Exercise – Focal Length and Angle of View

The initial exercises of the course set out to get one used to the camera and its operation. The first of these is to do with the lens and particularly the effect of focal length on field of view.

I am lucky enough to have a selection of lenses, both prime (fixed) and zoom and can cover a range from 17mm to 200mm. My camera is full frame, meaning a 36x24mm sensor (the same size as the exposed area of 35mm film) as opposed to a crop sensor. In turn, this means that the focal length marked on the lens is the actual value. A crop sensor camera uses a smaller sensor and so only the central area of the equivalent full-frame image that effectively zooms the image by 1.6x, cropping the edges.

Anyway, I stopped off on my ride home from work to take these pictures of a local landmark. Old John is a folly, built in the late 1700s and a well known landmark in Leicestershire. I am almost embarrassed to include photos of such a tourist attraction in my coursework. Anyway, after lugging my camera and lenses to this spot, it took the very average pictures you see here. To keep the same view each time, and without using a tripod, I used the left hand focus point and focused at the base of the tree in the hedgerow to the left of the frame.

Standing in the same spot, I took pictures at 17, 40, 50 and 200mm. The reason for the 2 at the similar focal lengths of 40 and 50mm was to explore the idea of the ‘standard’ length. Digital cameras magnify the view through the viewfinder slightly, so the exercise in the notes that described fitting your standard lens and using one eye to look at the scene and the other through the camera is something I’ll try on a film camera at a later date.

Old John Set Up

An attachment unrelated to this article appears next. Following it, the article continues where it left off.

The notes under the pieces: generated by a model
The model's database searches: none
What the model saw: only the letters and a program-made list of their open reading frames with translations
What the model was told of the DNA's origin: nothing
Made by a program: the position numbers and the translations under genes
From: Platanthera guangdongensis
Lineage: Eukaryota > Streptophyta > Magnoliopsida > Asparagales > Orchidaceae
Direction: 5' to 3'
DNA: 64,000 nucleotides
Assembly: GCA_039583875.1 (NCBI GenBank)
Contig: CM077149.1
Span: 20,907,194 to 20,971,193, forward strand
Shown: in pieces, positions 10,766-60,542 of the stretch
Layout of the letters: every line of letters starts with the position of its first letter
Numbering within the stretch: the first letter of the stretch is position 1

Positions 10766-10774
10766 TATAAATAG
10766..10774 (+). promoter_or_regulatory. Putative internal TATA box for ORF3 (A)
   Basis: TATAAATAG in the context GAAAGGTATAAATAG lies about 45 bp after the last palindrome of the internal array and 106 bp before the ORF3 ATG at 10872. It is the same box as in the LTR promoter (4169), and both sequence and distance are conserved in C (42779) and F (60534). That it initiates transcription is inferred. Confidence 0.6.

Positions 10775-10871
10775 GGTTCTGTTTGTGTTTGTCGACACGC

The next step was to print the pictures and return to the same spot, working out how far away the picture had to be to match the scene. I did this on my way home from work, again on my bike. Problem was that it threw it down on my way to work and my printed pictures were soaked and became one damp mass. I peeled them apart and began holding them up to compare to the scene.

The image shot at 17mm had to be held closer than it was possible to focus, 2 inches or less. I had to wrap the paper around my face to duplicate the scene at the same size. When I took the paper away from my face, a couple walking their dog were looking my way in a pitying manner.

40mm needed to be held around 8-9 inches from my eyes. The shape of the gate, particularly the gate posts being close to the edge of the page, allowed me to match the scene easily.

50mm was about 4 inches further away and a much more comfortable viewing distance.

As I was on my own, with floppy sheets of A4, I struggled to get the 200mm print at the correct distance. I ended up hanging it in a thorn bush around 3m away.

This was an interesting exercise and taught me a couple of things, although more about the course than the camera. The main learning point was to simplify the logistics of my exercises, otherwise the course may take the rest of my life. Carting around the camera and lenses on a bike was daft. The idea was that it would fit into my lifestyle and save me making an extra trip. It did that, but also gave me back-ache.

The second point is to take better pictures for the exercises. Those attached are rubbish. They achieved the point of the exercise, but I’m a Photography Degree student who should be doing better than this!

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